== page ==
ALSC - Graphic Novels for Children

In 2011, the board of directors of the Association for Library Service to Children (ALSC), a division of the American Library Association (ALA), directed the Quicklists Consulting Committee to create a list of core titles than can be used when starting or maintaining a children’s graphic novel collection. These are recommended for elementary school-age children (Grade K-2, Grade 3-5, and Grade 6-8). The committee defined graphic novel as a full-length story told in paneled, sequential, graphic format. They included classics as well as new titles that have been widely recommended and well-reviewed, and books that have popular appeal as well as critical acclaim.

This particular collection only includes some of the notable graphic novels of ALSC's Graphic Novels for Children list. (All rights reserved.)

Source: www.ala.org/alsc

 

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Coraline: The Graphic Novel (2008)

Written by Neil Gaiman

Illustrated by P. Craig Russel

When Coraline steps through a door in her family's new house, she finds another house, strangely similar to her own (only better). At first, things seem marvelous. The food is better than at home, and the toy box is filled with fluttering wind-up angels and dinosaur skulls that crawl and rattle their teeth.

But there's another mother there and another father, and they want her to stay and be their little girl. They want to change her and never let her go. Coraline will have to fight with all her wit and all the tools she can find if she is to save herself and return to her ordinary life.

This beloved tale has now become a visual feast. Acclaimed artist P. Craig Russell brings Neil Gaiman's enchanting nationally bestselling children's book Coraline to new life in this gorgeously illustrated graphic novel adaptation. This graphic novel is recommended for children ages 8 and up. (Copyright © HarperCollins. All rights reserved.)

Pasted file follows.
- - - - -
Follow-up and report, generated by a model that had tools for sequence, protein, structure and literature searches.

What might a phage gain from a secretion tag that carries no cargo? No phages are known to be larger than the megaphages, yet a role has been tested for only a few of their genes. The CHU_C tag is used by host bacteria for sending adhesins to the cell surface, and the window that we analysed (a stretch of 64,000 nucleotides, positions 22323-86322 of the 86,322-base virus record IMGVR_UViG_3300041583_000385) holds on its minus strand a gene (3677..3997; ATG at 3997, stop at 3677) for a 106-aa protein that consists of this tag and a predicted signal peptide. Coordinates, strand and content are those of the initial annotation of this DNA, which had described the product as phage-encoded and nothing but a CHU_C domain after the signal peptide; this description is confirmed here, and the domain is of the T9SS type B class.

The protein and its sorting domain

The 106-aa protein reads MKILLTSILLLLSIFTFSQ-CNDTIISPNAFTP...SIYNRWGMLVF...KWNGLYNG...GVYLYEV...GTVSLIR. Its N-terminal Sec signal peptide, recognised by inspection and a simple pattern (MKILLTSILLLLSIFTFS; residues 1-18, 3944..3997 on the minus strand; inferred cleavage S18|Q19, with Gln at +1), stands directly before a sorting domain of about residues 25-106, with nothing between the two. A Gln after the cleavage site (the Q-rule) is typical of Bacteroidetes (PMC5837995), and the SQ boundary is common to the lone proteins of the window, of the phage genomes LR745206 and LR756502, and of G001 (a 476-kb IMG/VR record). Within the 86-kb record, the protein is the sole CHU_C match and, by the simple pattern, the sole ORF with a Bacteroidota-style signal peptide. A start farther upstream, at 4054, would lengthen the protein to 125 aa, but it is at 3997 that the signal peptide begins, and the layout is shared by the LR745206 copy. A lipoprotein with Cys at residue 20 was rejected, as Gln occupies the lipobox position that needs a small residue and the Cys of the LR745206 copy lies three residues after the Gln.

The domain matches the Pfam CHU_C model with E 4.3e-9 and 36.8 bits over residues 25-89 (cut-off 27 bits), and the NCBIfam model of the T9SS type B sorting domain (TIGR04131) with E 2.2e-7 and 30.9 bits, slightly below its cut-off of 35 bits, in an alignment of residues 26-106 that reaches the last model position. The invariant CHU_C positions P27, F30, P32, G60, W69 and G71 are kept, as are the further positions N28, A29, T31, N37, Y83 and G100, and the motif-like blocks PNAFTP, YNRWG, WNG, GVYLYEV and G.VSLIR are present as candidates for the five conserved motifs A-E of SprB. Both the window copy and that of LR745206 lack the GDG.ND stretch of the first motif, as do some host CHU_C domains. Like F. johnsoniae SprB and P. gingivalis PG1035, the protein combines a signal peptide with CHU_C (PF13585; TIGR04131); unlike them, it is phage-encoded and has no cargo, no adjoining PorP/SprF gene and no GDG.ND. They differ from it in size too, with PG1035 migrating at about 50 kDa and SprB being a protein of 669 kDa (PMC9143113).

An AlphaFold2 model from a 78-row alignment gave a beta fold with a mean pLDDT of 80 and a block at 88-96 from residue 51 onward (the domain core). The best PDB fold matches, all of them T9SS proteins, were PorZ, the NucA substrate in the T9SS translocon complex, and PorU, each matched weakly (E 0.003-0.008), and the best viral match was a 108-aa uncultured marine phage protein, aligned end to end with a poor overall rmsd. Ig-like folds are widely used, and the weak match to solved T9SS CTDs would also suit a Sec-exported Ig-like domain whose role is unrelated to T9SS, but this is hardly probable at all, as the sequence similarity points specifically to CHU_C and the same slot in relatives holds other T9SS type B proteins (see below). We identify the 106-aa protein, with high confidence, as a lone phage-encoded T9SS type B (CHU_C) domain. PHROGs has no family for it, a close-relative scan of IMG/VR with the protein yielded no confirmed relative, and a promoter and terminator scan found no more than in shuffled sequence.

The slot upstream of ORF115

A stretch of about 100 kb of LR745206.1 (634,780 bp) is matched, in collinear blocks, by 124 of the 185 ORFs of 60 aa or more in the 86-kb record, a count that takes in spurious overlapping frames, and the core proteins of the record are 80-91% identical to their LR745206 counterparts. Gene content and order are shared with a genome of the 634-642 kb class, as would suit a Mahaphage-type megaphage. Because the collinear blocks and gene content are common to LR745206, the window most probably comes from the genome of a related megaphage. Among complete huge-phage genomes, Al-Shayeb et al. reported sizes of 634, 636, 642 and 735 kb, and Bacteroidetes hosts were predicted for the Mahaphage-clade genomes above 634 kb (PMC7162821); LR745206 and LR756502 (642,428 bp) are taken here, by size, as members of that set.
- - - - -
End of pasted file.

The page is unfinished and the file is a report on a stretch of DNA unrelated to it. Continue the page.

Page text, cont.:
Source:  HarperCollins Publishers.

Neil Richard Gaiman was born 10 November 1960. He is an English author of short fiction, novels, comic books, graphic novels, audio theatre and films. His notable works include the comic book series The Sandman and novels Stardust, American Gods, Coraline, and The Graveyard Book. He has won numerous awards, including Hugo, Nebula, Bram Stoker, Newbery Medal, and Carnegie Medal in Literature. He is the first author to win both the Newbery and the Carnegie medals for the same work.

In the early 1980s, Gaiman pursued journalism, conducting interviews and writing book reviews. After forming a friendship with comic book writer Alan Moore, Gaiman started writing comic books, picking up Marvelman after Moore finished his run on the series. In a collaboration with author Terry Pratchett (best known for his series of Discworld novels), Gaiman's first novel Good Omens was published in 1990. He wrote reviews for different publishers, comics for DC and Marvel, novels like Anansi Boys and American Gods, juvenile and young adults like Coraline and The Graveyard Book, short stories in which some are collected in Smoke and Mirrors and occasional films and movies like Dave McKean's Mirrormask and the Neverwhere TV series.

For more information on Neil Gaiman and his works, visit his website at http://www.neilgaiman.com.

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